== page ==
Encryption

A block cipher method called chaining can be used to make a much more secure ciphertext message. In this problem you will use the cipher block chaining method to encrypt a message. You can use any programming language that you like.

Here are the steps you should follow:

  1. Convert the ascii key to a binary (10101010) representation.
  2. Convert the ascii text to binary representation.
  3. Break the binary text from number 2 up into some larger blocks (you will use 12 bits as your block size, but you theoretically could use anything). If the last block is less than 12, you should add alternating 1’s and 0’s to it until you have 12. Finally, if you added some padding, you should append a final block (of size 12) that contains the number of bits you added. I.e. If I added 4 bits of padding, I would append the block ‘000000000100’ as the final block to be encoded.
  4. Each of the above (12 bit) blocks will now be encrypted, following this process:
    • Take the first block to be encrypted, reverse it, Xor it with the first 12 bits of the key.(store as first block of encrypted output)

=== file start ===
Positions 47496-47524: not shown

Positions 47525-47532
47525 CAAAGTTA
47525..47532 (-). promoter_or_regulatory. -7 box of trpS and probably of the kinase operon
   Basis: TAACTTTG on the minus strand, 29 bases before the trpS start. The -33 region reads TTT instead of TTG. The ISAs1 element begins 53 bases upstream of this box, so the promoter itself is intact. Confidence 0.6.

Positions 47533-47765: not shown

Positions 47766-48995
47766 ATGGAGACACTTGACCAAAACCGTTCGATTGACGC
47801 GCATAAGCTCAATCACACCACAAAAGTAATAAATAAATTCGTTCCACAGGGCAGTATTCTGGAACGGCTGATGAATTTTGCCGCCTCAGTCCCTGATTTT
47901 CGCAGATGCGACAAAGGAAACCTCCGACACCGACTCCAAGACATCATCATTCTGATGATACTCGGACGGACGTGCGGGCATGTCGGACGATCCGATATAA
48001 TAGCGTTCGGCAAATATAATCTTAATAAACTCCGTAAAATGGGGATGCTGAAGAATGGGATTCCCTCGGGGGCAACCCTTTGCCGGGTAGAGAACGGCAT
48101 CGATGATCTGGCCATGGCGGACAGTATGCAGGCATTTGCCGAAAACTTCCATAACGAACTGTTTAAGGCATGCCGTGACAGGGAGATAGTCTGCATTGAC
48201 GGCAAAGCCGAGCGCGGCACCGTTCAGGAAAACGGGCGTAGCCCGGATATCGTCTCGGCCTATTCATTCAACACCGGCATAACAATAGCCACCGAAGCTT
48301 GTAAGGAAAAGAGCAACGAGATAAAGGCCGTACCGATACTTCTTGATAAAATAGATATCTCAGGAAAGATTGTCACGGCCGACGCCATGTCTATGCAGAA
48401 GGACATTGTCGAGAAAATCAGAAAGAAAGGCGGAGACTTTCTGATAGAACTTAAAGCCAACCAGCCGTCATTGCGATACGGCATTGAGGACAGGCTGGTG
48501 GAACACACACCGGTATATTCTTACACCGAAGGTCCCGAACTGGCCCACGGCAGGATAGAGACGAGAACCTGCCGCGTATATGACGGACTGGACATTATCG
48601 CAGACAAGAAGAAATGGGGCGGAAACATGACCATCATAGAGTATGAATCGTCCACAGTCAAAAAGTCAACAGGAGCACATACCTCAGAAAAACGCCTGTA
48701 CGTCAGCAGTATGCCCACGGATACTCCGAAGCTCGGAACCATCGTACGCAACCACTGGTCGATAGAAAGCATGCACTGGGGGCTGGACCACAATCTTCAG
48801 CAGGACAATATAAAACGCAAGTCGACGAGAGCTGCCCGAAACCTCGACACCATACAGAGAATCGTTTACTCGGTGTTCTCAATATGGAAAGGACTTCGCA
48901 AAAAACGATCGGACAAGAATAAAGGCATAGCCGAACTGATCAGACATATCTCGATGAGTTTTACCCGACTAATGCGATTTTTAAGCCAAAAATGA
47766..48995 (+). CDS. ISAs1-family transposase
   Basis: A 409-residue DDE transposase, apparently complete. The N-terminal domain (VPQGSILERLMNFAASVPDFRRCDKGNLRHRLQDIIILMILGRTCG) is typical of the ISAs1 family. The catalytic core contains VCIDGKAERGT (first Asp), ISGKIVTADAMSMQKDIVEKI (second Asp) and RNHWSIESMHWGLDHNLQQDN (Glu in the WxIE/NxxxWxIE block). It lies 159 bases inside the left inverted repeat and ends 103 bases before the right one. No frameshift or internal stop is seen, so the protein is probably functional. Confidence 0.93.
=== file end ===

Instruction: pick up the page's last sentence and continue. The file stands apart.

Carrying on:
• Take the next block and Xor it with the encrypted output of the first block. Reverse the new block, xor it with the first 12 bits of the key. (add to encrypted output stream)
    • repeat until all the blocks are encrypted.

Your code should take an input file with the ASCII key on the first line, the text to be encoded on the remaining lines, convert them to their binary representation, and use the cipher block chaining method as described above to ‘encrypt’ them. The resultant bitstream should then be output.

Example: ABC is my key ABCDE is the stuff I want to encrypt

This input:

ABC

ABCDE

Should produce this output:

011010010110111010100110000001100001100100101110001001011101

Hints:

    ABCDE in binary:  

    0100000101000010010000110100010001000101

    After padding is added (to get last block up to 12 bits): 

    010000010100001001000011010001000100010110101010

    After the block is added that tells us how much padding was added (12-bit block):

    010000010100001001000011010001000100010110101010000000001000

    Key in binary (first 12 bits): 010000010100
    First 12 bit block (reversed): 001010000010
    Xor                  : 011010010110 #first 12 bits of encrypted output

    2nd 12 bit block         : 001001000011
    Output of last Xor       : 011010010110
    Xor                  : 010011010101

    Key in binary (first 12 bits): 010000010100 
    Xor'ed output (reversed)     : 101010110010 
    Xor                  : 111010100110 #next 12 bits of encrypted output

    2nd 12 bit block         : 010001000100
    Output of last Xor       : 111010100110
    Xor                  : 101011100010

    And so on...

To pass off

Demonstrate that your code works. Maybe by showing that the given input produces the expected output. Upload your code as well.

Last Updated 04/10/2020